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Government vs Private Consulting: Salary, Hours, Lifestyle


Shatakshi Sharma, St Stephens College, University of Delhi Graduate, ISB MBA, strategist to government of India, former BCG management consultant, advisor to tony blair institute, ivy league exchange student, LinkedIn Top Voice and co-founder of Global Governance Initiative

Career Insights by GGI is a new series by GGI sharing hacks and tips around management consulting, MBA, product management and public policy.


In this GGI career insight, we will be sharing insights into: the various facets of working in the Government of India as opposed to the private sector.

 

Have you ever thought, what are the realities of working in the Government of India?


If you wish to get more information on working with the government of India in a lateral advisory role, then look no further. This career insight is going to help you understand, end-to-end, what it is like to work in this role.


1. Why did I join the Government of India?


If I were to be honest, at the age of 24, I wanted to pivot my career.


After working at a boutique management consulting firm and a leading start-up, I realised that I no longer wanted to work to make the rich richer.


I was more inclined towards a role which was at the intersection of decent wealth, a lot of learning and high impact.


I got lucky as the placement cell of my alma mater reached out to me about this job opening. After 3 interview rounds, I was able to work in the Ministry of Commerce.


2. Realities of working in the Government of India?



2.1 People you work with


On a daily basis, I was working with secretaries, joint secretaries, etc. They were all rank holders in UPSC exams.


I used to work with the current chief secretary of GoI. To date I admire her a lot, she’s the iron lady to me.


Having said that, I used to work with non-IAS officers as well like deputy secretary, undersecretary, etc.


2.2 Meetings


I realised that not all meetings were very fruitful as they lacked agenda and clear next steps.


But, it largely depended on the people charing those meetings. The lady I previously mentioned made sure that after every meeting there were clear goals, next steps and owners.


2.3 Grey-hair matters


Having worked in the private sector, I speak from experience that in such organisations, what matters is merit, data, innovation and best practices.


However, at times, in the public sector grey hair mattered. More weightage was given to what the senior most officials were saying even though they did not share their reasoning behind it.


2.4 Respect and Culture


As much as I am on board with respecting everyone, there is a stark difference in the public sector in referring to people as “sir” or “ma’am”


In the private sector, I used to call all my bosses by their first name.


I personally have a lot of dissonance with the sir-ma’am culture because that is when you put them on a pedestal. This is when innovation stops and you have inhibitions before sharing your ideas.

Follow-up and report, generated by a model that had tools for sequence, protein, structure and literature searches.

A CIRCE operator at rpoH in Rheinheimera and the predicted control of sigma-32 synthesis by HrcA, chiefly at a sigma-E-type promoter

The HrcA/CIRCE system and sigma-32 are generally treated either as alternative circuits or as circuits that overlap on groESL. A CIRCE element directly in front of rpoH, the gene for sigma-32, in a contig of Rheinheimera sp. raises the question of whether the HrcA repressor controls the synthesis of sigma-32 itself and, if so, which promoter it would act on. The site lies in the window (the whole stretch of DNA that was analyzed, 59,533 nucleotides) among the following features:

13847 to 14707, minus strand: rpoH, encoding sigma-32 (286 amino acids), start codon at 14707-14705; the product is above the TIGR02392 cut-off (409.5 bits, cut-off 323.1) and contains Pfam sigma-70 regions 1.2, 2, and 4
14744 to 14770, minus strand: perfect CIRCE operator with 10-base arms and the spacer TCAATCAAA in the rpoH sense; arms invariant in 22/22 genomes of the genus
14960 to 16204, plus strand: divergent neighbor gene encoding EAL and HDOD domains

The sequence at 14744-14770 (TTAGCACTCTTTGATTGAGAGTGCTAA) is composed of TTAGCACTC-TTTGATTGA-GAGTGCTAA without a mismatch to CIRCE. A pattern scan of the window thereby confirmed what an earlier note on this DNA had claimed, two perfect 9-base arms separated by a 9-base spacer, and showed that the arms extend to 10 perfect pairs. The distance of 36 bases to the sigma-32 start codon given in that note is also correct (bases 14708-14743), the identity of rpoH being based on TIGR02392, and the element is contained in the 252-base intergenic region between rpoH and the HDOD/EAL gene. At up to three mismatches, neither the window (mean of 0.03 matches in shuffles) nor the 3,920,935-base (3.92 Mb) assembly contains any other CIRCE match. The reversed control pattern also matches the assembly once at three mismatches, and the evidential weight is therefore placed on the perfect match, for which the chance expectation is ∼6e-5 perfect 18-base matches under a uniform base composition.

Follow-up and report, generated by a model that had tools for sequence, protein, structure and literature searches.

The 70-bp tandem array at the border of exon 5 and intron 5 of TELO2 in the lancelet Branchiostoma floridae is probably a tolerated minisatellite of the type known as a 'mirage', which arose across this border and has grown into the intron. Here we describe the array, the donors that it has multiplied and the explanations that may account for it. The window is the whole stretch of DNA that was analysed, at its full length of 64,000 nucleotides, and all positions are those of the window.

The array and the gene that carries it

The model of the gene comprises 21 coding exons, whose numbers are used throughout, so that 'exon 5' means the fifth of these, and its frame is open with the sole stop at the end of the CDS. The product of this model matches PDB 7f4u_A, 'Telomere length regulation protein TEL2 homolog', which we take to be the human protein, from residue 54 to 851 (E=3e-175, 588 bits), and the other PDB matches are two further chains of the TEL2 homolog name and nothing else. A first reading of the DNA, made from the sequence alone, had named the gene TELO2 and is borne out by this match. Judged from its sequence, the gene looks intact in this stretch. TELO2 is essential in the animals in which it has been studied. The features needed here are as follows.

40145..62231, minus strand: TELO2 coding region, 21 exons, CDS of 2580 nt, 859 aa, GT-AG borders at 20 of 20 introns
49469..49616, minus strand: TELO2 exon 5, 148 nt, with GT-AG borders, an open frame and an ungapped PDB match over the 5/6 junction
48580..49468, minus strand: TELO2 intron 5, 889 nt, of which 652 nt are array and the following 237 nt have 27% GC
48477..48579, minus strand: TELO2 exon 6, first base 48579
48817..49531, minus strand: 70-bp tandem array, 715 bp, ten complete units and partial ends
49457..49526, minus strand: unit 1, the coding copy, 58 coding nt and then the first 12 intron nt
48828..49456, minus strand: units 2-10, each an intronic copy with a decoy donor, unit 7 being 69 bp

I find this to be a very colonial way of working in the twenty-first century.


2.5 Working Hours


Do you actually work 9-5?


I’ve realised that if there is a mission-mode project, if there is criticality, public sector employees don’t just curtail themselves to 9-5 like private sector employees.


2.6 Skill building


In government, a little less focus was put on relevant skills than in private.


Though, the government is coming up with a lot of schemes to up-skill the young generation of the country.


Had the civil servants been sufficient in future skills such as emerging technologies, data, benchmarking information and thinking prom a holistic point of view, them lateral advisors wouldn’t have been required.


2.7 Work Projects



One of the main projects I worked on was the digitization of the paperwork in the GoI. It may sound mundane, but I am very proud of my work on the project.


I was promoted to become project manager where I was responsible for setting processes, sharing best practices, and setting monitoring and outcome practices. We were able to digitise more than 34 central ministries.


2.8 Salary and Perks


I joined this role at an associate level and my starting salary was 45,000 Rs per month.


It was a contractual role which could increase as much as I wanted because of my good performance.


After 9 months, my salary was revised to 60,000 Rs per month.


Then I was promoted and my salary looked like some 80,000 per month.


I genuinely believe that for a pre-MBA with 3-4 years of experience, this was good money.


3. How can you get a job in GoI?


You can work for GoI through direct and indirect methods.


A direct approach would be through NITI AAYOG, Quality Council of India, Andhra Government, Punjab Government, Maharashtra Government, Chhattisgarh government, Haryana Government, etc.


An indirect approach would be through BCG- Public Sector Advisory, Dalberg, Bill and Melinda Gates Foundation, UNDP, World Bank, UN, etc.


If you need more help getting into management consulting and product management, feel free to check out my education venture- Global Governance Initiative. We invite industry leaders to host Masterclasses and teach our students the hard and soft skills required to excel in their careers.

 

Author: Shatakshi Sharma, Co-CEO Global Governance Initiative, Ex-BCG Management Consultant, Former Policy Advisor, Tony Blair Institute for Global Change

If you are interested in learning about GGI's MBA Scholar program, you can learn here.



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